A consumers’ organization in Fukushima Prefecture has found no traces of radioactive cesium in meals produced by households in Fukushima Prefecture for a second straight year.
It tested meals prepared by residents with locally grown products and cooked in regular tap water. The findings underscore declining contamination in food five years after the nuclear disaster.
The annual study, conducted by Co-op Fukushima, checked for the presence of cesium-137 and 134 in meals prepared by 100 households in Fukushima over two consecutive days. The sampling was done between July last year and February.
The co-op asked each participant to prepare an extra portion when they cooked meals for their family.
Most of the participants used locally grown produce and tap water, but no cesium was found in the meals for the second year in a row, according to the report released Tuesday.
Given the result, the co-op said the likelihood of Fukushima residents continuously eating cesium-tainted meals is “extremely low.”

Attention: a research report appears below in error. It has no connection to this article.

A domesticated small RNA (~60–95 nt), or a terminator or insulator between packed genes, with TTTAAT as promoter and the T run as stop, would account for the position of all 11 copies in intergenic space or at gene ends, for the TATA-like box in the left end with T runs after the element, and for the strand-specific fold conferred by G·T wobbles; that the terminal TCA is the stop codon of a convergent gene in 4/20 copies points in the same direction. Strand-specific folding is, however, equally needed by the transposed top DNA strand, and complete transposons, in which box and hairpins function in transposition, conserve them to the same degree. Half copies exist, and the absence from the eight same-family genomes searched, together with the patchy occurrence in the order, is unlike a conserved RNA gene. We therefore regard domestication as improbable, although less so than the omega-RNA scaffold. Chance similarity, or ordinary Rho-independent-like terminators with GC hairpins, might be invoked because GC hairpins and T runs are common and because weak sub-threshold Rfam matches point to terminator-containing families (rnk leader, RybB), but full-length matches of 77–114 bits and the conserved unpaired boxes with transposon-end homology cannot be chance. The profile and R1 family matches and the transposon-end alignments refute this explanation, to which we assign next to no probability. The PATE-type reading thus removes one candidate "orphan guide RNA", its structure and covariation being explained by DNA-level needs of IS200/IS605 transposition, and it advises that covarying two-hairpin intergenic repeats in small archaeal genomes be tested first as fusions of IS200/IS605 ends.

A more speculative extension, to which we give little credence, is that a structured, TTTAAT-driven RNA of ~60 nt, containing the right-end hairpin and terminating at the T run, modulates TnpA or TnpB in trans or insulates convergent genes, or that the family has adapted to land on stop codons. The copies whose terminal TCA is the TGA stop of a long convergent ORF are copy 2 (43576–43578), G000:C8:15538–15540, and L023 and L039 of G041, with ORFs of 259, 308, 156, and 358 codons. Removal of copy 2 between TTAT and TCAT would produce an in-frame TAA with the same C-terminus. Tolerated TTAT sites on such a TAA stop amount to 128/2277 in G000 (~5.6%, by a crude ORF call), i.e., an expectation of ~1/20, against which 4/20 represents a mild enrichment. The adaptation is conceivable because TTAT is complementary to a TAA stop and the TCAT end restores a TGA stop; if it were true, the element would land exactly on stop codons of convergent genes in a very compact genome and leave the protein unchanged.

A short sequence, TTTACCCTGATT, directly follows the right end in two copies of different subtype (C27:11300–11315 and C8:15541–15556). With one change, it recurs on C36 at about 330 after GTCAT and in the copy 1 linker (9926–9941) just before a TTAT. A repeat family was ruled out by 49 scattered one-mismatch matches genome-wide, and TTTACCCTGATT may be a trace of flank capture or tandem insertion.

A similar survey conducted recently by the Japanese Consumers’ Co-operative Union (JCCU) also detected no radioactive cesium. It checked meals from 263 households in 19 prefectures, including Tokyo, Fukushima and Kanagawa.
Given the availability of such data, some countries have been easing restrictions on imported Japanese food imposed since the disaster.
In January, the European Union relaxed controls on imports, removing its requirement for some food items from Fukushima, including vegetables, livestock and tea, to be shipped with radiation inspection certificates.
But Japan is struggling to dispel lingering fears in some quarters over the safety of produce from Fukushima and other regions affected by the disaster.
In February, a government event in Seoul aimed at promoting food from Tohoku was cancelled at the last minute when South Korean civic groups lodged a protest over a plan to serve food from Fukushima.
Given such strong anxiety, South Korea has restricted seafood imports from eight prefectures, including Fukushima, Ibaraki, Gunma and Miyagi, since September 2013.
As of February, 12 nations, including South Korea, Taiwan, and the U.S., still had some kind of ban in place, according to the agricultural ministry data.
Many other countries, such as Indonesia, allow imports but require radiation inspection certificates or documents showing the prefecture of origin, the ministry said.